“The difference between past and future exists only when there is heat. The fundamental phenomenon that distinguishes the future from the past is the fact that heat passes from things that are hotter to things that are colder.”-from Seven Brief Lessons on Physics, Carlo Rovelli

And in our immediate moment – the now – in our interaction, skin to skin, we keep each other warm?

Present possibilities


How foolish you can feel after everything is said and done. First that you let yourself walk down the path, however gingerly, with however much trepidation felt and caution you thought you exhibited, in the first place. Winding up steep hills, when suddenly, the path ends, and you’re lost and deep into the woods. It’s getting dark, and what shadows and figures you can faintly make out are unfamiliar. How can you not want to cry, get angry and overreact in frustration? It’s temporary, as all things are. Light will return. You will find your way back, the biggest, self-effacing wave crashes over you, leaving you feeling more foolish than ever for the overly emotional, panicked reaction. But how could it have been otherwise? It is as though, suddenly, you wandered off the safe, clear paths to which you were accustomed. The sense of adventure, openness to feeling new things, awakened. You were confident you could keep your footing, but a whirlwind of different circumstances conspired to… knock you on your ass. In hindsight the whole thing is embarrassing and laughable. Oh, the misguided, animated imagination, once aroused.

And how far away from these minor misadventures you can so quickly feel. One moment fretting and regretting, hot tears welling up as you ask yourself what you were thinking going up there, climbing deeper into the woods. The ground underfoot covered in damp moss, becoming increasingly swamplike. The very next moment, feet on the ground in cities new and old, concrete and cobblestone, breathing in the world of literature read long ago, reminiscing about people you once knew, tasting everything like it’s the first time – and sometimes it is. There are always the phantoms of the past haunting, keeping certain addictions flickering, but mostly faded into some archive of past transgressions. They return sometimes, and it is almost a relief in some way to feel the pounding familiarity push-push-pushing its way in. As if the past can breathe new life into the future, and push you on your way to the new.

But what of the limbo of the present moment? Or, as Vonnegut’s Tralfamadorians propose regarding time: it’s all happening at once in different dimensions: past, present, future, life, death.

It is within these present moments, when the mind still wanders back to what might have been (Kierkegaard’s ‘future you will never have’), when your guard should be up most of all, but isn’t. In one moment or another, roaming in the Baixa or Belém or Katowice or Kraków, dredging up images of the dreary recent past, only to live moments of Invisible Cities as though they were almost your own:

“But the special quality of this city for the man who arrives there on a September evening, is that he feels envy toward those who now believe they have once before lived an evening identical to this and who think they were happy, that time” … or more fitting, a “city where the foreigner hesitating between two (wo)men always encounters a third”.

The present opens and widens the world and its possibilities again, anew. You regain footing, and it is then that the possibilities present themselves.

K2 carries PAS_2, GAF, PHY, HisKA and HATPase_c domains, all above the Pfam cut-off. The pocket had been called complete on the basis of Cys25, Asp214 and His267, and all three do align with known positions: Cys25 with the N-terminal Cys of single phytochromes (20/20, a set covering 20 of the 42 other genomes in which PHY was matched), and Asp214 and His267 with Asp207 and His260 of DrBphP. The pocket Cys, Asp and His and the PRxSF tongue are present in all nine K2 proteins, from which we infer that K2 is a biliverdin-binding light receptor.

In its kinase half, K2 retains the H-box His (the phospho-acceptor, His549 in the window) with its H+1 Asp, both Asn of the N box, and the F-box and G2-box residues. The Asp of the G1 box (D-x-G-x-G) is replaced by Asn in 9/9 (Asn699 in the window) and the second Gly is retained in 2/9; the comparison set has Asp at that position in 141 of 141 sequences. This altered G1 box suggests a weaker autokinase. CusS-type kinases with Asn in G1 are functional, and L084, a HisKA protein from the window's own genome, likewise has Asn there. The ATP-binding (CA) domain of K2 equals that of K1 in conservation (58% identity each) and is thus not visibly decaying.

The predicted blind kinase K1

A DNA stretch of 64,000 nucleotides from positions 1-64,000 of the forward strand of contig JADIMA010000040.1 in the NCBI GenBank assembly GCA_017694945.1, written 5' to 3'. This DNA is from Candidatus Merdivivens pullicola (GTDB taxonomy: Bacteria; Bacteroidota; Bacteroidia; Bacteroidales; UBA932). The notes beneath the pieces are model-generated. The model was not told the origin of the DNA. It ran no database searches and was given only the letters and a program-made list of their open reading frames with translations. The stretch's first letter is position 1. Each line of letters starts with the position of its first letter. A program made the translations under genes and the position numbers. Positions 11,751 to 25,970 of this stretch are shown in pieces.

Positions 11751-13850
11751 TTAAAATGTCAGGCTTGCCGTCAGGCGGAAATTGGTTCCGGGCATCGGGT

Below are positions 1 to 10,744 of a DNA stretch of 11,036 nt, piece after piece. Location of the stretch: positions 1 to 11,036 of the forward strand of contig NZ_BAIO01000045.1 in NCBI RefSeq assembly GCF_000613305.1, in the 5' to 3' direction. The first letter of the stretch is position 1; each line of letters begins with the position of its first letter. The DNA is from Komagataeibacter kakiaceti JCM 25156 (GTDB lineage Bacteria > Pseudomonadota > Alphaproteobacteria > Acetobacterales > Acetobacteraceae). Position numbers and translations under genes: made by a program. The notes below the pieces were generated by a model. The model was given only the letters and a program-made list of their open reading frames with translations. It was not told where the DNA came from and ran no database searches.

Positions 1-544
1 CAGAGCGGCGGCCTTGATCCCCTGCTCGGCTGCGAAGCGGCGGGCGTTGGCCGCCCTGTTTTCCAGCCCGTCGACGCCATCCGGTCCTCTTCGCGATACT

Past is past


In 1987 I met a girl who would be, for many years, my best friend. Like all teen relationships, it could be emotional and rocky. Eventually we grew apart, as people do. Back then, though, even after graduation, I still subscribed to the idea that friends are always friends – not in the sense that you remain active in each other’s lives. No, I felt that the love and care that one felt for one’s friends in youth was particularly important – the intensity of the way we feel about everything when we are young almost demands that the love is residual. Again, it need not be active. This friend and I fell out of touch, even though I did try to stay in contact foolishly. All I wanted all along was to let her know that I loved her unconditionally. I learned after silence set in, after I’d heard some unpleasant tales about things happening in her life, after she had changed her address and my letters were returned to me unopened that she had some fear or perception that I judged her, that I thought she was a “fuck up”.

I have written about all of this before – extensively. For ten years after the silence started, I tried to let go but never really had closure, so she haunted my dreams for years. I occasionally attempted to find out only that she was okay (by writing to her parents, who never replied).

In the last ten years or so, she and it faded away. Life marches on, and I did finally let go. She has no digital or online presence, which does not much matter to me except that virtually all the people with whom we went to school have come online, found me and want to know how she is doing. They assume because we were so close in youth that I might be the only person to know how she is. Little do they know, they have a better chance of running into her and finding out something about her than I do.

All of this is immaterial because it has nothing to do with my current life. Except for whatever reason, I happened to look at her mother’s Facebook page recently – which did not exist many years ago when I last thought of her. I had a look at her page and the pictures there (one of which is a two-year-old picture of my friend; seeing the picture nearly took my breath away somehow – to see this person who had been so central to my existence 20+ years ago but who simply does not exist to me for all intents and purposes. It affected me in ways that no other “absence” of that kind has).

I never assumed that there was any negativity or bad blood between her family and me. I took a chance and sent her mother a Facebook friend request. She apparently rejected it in less than 24 hours. Even though it has been nearly 20 years since I saw or talked to her family or her, I suppose the passive rejection still hurt the 13-year-old me but also definitively shut the door on the idea of resolution or closure… or most importantly, just knowing that my former friend is okay (I suppose the picture her mother posted is the closest I will get). It could be selfish that I am so concerned about knowing. I am sure my friend has her own personal and perfectly legitimate reasons for leaving the past completely behind, and I respect that – now more than ever. At the same time, I wish I could tell her – or that she just knew – how dear she was to me, how much I loved her, how much potential and intelligence and “vision” I saw in her. Hopefully the life she leads is guided by love, potential, intelligence and vision that are inherently hers.